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Overview

Song & Social Change in Latin America offers seven essays from a diverse group of scholars on the topic of music as a reflection of the many social-political upheavals throughout Latin America from the 20th century to the present. Topics covered include: the Tropicália movement in Brazil, the Nueva Canción in Central America, Rock in Mexico, Argentina, Chile and Peru, the Vallenato in Colombia, Trova in Cuba, and urban music of Puerto Rico in the mid-20th century. The collection also includes five interviews ...
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Song and Social Change in Latin America

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Overview

Song & Social Change in Latin America offers seven essays from a diverse group of scholars on the topic of music as a reflection of the many social-political upheavals throughout Latin America from the 20th century to the present. Topics covered include: the Tropicália movement in Brazil, the Nueva Canción in Central America, Rock in Mexico, Argentina, Chile and Peru, the Vallenato in Colombia, Trova in Cuba, and urban music of Puerto Rico in the mid-20th century. The collection also includes five interviews from prominent and up-and-coming musicians —Ruben Blades, Roy Brown, Habana Abierta, Ana Tijoux, and Mare— representing a variety of musical genres and political issues in Central America, the Caribbean, South America, and Mexico.
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Editorial Reviews

Greg Grandin
With a light hand, Lauren Shaw and the contributors to her edited collection, Song and Social Change in Latin America, wonderfully interpret the importance of song in postwar Latin American history, linking it to experiences of work, family, protest, and migration. The collection, which includes interviews with a number of musicians, reads like a poem or the liner notes to the soundtrack of a generation that took to heart Emma Goldman’s insistence that to be a revolutionary meant to affirm ‘life and joy’ though music and dance.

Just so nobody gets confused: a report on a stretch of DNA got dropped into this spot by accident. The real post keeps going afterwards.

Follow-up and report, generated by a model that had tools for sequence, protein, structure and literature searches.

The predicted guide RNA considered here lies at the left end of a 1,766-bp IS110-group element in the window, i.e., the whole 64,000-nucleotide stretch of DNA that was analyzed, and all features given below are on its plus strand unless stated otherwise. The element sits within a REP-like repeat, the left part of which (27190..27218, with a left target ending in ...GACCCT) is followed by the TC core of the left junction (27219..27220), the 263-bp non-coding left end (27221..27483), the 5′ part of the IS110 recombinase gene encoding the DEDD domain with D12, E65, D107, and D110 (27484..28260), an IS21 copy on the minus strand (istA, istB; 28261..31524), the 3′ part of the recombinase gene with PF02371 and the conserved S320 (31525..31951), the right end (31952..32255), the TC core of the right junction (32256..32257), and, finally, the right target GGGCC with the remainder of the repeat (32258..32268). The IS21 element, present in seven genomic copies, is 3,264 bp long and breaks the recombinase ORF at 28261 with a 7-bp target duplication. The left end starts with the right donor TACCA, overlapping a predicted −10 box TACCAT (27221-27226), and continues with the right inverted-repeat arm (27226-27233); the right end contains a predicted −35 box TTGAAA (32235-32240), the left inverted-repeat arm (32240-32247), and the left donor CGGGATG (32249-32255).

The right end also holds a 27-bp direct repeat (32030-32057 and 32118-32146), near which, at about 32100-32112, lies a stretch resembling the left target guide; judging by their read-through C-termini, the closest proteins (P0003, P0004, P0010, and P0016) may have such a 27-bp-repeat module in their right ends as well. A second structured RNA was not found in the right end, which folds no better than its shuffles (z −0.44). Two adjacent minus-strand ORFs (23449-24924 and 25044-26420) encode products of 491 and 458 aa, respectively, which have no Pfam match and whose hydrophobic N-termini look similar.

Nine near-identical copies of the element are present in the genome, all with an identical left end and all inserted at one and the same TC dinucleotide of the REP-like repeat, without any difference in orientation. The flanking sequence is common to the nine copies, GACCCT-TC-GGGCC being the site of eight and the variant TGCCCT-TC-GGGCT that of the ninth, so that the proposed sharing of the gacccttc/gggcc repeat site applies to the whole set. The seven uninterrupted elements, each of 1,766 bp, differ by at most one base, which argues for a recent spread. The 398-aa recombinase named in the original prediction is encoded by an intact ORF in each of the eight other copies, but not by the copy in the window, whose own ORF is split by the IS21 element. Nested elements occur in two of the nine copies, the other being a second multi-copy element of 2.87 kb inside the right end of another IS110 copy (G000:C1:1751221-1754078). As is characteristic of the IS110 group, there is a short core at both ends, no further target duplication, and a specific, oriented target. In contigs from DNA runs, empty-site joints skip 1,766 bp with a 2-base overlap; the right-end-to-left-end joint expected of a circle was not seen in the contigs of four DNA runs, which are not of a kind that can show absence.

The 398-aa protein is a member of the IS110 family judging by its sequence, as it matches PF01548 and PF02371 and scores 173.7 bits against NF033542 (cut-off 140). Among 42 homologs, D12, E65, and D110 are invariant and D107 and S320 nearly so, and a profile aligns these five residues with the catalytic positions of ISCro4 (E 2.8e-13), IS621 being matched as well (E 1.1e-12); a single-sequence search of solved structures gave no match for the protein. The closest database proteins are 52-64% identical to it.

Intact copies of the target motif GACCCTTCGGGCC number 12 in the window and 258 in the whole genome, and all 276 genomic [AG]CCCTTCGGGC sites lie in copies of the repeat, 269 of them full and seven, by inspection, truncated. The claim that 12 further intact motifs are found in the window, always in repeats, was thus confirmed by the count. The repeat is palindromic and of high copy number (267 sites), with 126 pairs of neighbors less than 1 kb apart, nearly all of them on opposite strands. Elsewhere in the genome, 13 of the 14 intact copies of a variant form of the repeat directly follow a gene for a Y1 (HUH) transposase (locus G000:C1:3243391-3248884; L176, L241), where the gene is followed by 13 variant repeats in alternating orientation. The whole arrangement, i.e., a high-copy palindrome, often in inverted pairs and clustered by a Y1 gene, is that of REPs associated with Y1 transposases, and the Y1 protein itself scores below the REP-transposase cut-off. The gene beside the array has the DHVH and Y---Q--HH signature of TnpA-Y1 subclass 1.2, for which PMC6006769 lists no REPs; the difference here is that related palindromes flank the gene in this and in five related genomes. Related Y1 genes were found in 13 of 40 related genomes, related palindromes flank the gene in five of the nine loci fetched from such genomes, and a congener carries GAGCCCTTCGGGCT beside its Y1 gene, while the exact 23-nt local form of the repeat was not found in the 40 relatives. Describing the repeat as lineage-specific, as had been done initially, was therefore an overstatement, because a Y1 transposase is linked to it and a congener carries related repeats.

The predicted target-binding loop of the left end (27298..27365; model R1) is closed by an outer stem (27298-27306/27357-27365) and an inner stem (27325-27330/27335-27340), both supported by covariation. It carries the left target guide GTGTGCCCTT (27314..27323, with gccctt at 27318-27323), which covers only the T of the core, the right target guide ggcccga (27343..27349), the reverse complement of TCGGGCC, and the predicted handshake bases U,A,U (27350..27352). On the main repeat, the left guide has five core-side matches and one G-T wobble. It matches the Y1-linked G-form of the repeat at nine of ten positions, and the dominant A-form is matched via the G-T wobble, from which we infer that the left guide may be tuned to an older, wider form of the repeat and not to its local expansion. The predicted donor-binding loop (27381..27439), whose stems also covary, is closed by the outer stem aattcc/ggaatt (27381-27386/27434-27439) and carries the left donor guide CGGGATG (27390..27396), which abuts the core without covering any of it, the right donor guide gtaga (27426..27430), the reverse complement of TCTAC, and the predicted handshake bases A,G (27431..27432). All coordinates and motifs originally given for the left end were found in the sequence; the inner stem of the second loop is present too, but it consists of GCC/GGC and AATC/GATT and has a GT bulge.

Peter Manuel
This volume presents useful documentation and perspectives on an important dimension of modern Latin American culture. Through song texts, scholarly interpretations, and revealing interviews with articulate artists, it provides much insight into an important chapter in the cultural history of the Americas, from Argentina to the Bronx.
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Product Details

  • ISBN-13: 9780739179499
  • Publisher: Lexington Books
  • Publication date: 4/4/2013
  • Sold by: Barnes & Noble
  • Format: eBook
  • Pages: 270
  • File size: 858 KB

Meet the Author

Lauren Shaw is an associate professor of Spanish at Elmira College where she teaches Hispanic Studies in the Romance Language Program and hosts a Spanish language radio program called Voces.
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Table of Contents

Introduction
Lauren Shaw

Part I: Music and Agency

Chapter 1: Singing the City, Documenting Modernization: Cortijo y su combo and the Insertion of the Urban in 1950s Puerto Rican Culture
Carmelo Esterrich

Chapter 2: Shattering Myths: Brazil: Brazil’s Tropicália Movement
John R. Baldwin and Phillip J. Chidester

Chapter 3: The Mockingbird Still Calls for Arlen: Central American Songs of Rebellion, 1970-2010
Juan Carlos Ureña

Chapter 4: Social Denunciation of the Politics of Fear: Rock Music through the Eighties in Argentina, Chile and Peru
Lisette Balabarca

Chapter 5: The Politics of Language, Class, and Nation in Mexico’s Rock en español Movement
Ignacio Corona

Chapter 6: Witnessing Forced Internal Displacement in Colombia Through Vallenato Music
Diana Rodríguez Quevedo

Chapter 7: Rich Poetry: Cuban Voices of Possibility
Lauren Shaw

Part II: Conversations on Music and Social Change

Ruben Blades, New York City

Habana Abierta, Madrid

Roy Brown, Mayagüez,

Ana Tijoux, Boston

Mare Advertencia Lirika, Oaxaca via Skype
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